Judge Taliano also found that Canadian physicians' reluctance to okay medical marijuana use made the MMAR, under which patients require a doctor's approval, unworkable. Their "overwhelming refusal to participate in the medicinal marijuana program completely undermines the effectiveness of the program," Taliano noted. "The requirement for a medical doctor's declaration has rendered the MMAR unconstitutional," he concluded.

"Complaints about the doctor-as-gatekeeper role, from patients and physicians, have been a constant feature of this flawed system," said Kirk Tousaw, a British Columbia attorney and head of the pro-legalization Beyond Prohibition Foundation. "This decision represents a huge step forward for critically and chronically ill Canadians that want to access this safe and effective medicine without being turned into criminals for doing so."

"I know how hard it has been to find a supportive physician," said Jacob Hunter, policy director for the foundation and a medical marijuana patient. "There are a million medical cannabis consumers in Canada and, in ten years, less than 10,000 have been able to become legal. That just isn't right."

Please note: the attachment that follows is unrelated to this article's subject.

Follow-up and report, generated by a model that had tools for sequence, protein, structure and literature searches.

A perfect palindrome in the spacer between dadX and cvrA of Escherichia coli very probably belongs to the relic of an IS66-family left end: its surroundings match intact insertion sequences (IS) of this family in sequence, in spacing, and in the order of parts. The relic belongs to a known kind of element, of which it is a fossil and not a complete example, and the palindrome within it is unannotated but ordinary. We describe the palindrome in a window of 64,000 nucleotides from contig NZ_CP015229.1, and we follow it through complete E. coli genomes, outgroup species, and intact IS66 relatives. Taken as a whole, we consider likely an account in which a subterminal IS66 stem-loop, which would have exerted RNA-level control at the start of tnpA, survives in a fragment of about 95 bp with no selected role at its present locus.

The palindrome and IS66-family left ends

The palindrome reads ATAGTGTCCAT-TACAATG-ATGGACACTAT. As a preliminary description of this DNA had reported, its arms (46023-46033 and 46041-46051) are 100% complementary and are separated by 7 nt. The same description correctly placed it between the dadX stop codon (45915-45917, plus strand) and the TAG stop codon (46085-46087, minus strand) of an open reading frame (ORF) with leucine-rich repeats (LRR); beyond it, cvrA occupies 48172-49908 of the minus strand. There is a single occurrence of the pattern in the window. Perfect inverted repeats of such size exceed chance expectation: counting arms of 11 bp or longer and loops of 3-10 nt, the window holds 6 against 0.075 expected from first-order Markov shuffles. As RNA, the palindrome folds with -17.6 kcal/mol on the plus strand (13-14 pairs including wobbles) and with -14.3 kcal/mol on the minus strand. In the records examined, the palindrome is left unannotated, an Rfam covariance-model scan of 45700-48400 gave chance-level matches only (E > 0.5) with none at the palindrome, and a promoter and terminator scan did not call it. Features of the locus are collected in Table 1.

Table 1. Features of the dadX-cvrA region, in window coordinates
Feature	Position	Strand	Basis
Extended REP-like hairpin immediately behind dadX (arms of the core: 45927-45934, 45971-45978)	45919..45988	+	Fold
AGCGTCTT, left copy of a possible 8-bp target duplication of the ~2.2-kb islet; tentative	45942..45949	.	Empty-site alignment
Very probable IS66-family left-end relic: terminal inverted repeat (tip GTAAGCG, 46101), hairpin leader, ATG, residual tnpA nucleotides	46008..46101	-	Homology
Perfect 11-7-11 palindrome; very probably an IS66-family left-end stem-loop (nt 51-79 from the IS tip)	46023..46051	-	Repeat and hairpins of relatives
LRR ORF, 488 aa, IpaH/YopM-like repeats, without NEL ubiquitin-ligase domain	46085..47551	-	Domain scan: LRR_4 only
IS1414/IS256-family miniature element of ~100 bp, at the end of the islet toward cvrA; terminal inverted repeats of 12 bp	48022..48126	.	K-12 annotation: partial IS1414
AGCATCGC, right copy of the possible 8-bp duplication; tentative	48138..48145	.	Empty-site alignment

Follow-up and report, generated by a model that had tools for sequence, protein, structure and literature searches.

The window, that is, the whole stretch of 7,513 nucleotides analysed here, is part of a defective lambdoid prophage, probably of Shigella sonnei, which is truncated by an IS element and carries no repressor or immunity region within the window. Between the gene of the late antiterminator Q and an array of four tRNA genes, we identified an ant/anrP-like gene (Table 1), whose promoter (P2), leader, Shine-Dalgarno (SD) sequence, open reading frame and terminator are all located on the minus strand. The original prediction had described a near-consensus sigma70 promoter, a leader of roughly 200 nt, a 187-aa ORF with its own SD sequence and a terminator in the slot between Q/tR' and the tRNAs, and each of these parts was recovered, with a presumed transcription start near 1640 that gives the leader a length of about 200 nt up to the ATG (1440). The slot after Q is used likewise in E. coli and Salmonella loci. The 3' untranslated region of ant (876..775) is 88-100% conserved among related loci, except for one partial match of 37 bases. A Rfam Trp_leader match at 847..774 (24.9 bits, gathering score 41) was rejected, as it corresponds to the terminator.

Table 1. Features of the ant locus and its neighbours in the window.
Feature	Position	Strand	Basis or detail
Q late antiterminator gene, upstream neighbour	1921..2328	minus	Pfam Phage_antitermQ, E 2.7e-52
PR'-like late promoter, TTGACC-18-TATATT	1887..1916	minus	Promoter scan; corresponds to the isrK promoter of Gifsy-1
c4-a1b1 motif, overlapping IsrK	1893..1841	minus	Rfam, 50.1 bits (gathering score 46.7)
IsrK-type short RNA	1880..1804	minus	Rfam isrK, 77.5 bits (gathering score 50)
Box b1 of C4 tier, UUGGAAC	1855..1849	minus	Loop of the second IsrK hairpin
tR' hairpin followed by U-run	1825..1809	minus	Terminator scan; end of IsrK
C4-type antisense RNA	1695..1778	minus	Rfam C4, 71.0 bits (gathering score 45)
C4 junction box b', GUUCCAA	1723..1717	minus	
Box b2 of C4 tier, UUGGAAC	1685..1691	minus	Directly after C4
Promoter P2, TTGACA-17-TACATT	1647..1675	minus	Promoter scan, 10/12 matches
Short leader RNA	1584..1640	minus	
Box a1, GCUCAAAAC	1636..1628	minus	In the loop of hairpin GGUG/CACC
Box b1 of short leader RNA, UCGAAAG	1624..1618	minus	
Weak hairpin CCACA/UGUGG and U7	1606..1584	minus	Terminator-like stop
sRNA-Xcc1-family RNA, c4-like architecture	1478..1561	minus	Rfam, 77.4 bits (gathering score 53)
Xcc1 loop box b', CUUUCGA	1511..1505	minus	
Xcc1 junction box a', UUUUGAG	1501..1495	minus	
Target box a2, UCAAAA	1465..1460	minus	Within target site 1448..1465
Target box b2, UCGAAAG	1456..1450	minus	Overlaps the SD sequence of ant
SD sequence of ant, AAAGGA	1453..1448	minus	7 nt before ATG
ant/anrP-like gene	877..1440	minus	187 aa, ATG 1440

The Ontario ruling also excited other legalizing lawyers. "It's significant because it's a Superior Court ruling which has binding effect across the province," marijuana lawyer and legalization advocate Alan Young told the Toronto Star. "By enacting a dysfunctional medical program the government now has to pay the high cost of losing the constitutional authority to criminalize marijuana."

The real test, Young said, will be what the Ontario Court of Appeal decides, assuming that the government does appeal the decision. "If the government is not successful on appeal, they are going to be caught between a rock and a hard place because they don't have an alternative program in mind," he said. "They don't have a plan B. They're in trouble."

marijuana eradication helicopter, Ontario (RCMP)
Plaintiff Mernagh was pleased as punch, he told Cannabis Culture magazine in a Tuesday night interview. "It definitely hasn't sunk in yet," Mernagh said. "I got everything I believed I could get. We put a lot into this case. [Lawyer] Paul Lewin and I worked literally from Labor Day till the day we went into court. I'm still really overwhelmed when I think about it. It's groundbreaking."

Now, the Canadian federal government has 90 days to either file an appeal, which is almost certain, or to come up with a workable legislative model that allows patients access to marijuana in line with the Charter of Rights and Freedoms. Or not.